Chip Titehold hopes the other players bust out and leave him the last one standing. Or maybe he is just timid and cheap by nature. He bets the minimum or near it through the early and middle hands of a round. He continues betting small in the middle to late hands, even if he falls so far behind that he should make a move with a big bet. He might make a minimum bet late in the round when the others are betting big, even if he doesn't need to take the low at the time to get the lead. He often waits to make his move until the leaders are already protecting their leads with medium bets. This is useful information in turns in which you act before Chip as the round is drawing to a close. Chip often bets the maximum and doubles down aggressively on the last hand, but might make a mistake in a complex situation by betting too small or failing to double down.

Max Baysik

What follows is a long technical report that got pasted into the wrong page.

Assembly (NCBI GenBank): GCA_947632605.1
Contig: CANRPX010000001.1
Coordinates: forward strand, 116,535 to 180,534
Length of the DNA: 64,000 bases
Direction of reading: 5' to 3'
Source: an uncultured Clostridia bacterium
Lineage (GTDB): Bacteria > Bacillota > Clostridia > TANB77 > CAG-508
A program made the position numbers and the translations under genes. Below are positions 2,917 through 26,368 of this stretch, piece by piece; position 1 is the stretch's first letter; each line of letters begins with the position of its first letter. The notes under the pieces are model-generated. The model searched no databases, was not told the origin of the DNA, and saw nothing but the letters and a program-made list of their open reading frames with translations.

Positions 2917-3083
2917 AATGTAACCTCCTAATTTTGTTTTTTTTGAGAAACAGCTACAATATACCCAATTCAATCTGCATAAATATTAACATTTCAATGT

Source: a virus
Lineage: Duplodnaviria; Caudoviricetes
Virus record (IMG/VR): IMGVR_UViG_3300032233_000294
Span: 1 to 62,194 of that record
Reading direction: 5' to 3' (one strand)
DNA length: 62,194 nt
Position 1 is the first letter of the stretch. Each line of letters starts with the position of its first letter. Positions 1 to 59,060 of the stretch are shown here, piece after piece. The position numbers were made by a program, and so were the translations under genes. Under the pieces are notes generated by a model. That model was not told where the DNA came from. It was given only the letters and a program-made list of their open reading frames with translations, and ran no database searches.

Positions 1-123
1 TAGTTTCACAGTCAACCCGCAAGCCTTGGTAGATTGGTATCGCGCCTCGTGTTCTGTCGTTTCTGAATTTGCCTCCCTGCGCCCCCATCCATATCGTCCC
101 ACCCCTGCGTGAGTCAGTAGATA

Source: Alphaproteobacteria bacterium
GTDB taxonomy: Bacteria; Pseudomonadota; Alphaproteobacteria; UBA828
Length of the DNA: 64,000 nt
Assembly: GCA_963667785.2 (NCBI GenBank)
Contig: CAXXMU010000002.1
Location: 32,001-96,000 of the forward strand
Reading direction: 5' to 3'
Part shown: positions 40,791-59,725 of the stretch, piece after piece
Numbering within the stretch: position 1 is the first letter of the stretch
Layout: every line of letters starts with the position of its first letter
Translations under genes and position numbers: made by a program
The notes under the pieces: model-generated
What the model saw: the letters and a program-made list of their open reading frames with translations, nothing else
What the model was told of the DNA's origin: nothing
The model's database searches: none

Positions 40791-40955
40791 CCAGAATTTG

Max Baysik thinks he can win a blackjack tournament by being the best blackjack player and hoping for some luck. You may observe he is counting cards if he raises his bets and makes index deviations in the bottom half of the shoe. Not all Max Baysiks count cards, however. Profile this player cautiously, because it may be hard to tell the difference between him and a skilled tournament player. You may not be able to identify Max Baysik until the final few hands, when he continues to stick with basic strategy instead of deviating from it as the tournament situation demands. If the count is negative in these last few hands, he might hesitate to increase his bets to catch up or protect a lead. Max Baysik has likely heard that he needs to bet the maximum on the last hand and will do so, even if the tournament situation dictates something else. On the last hand Max is unlikely to double down or split tens aggressively as needed.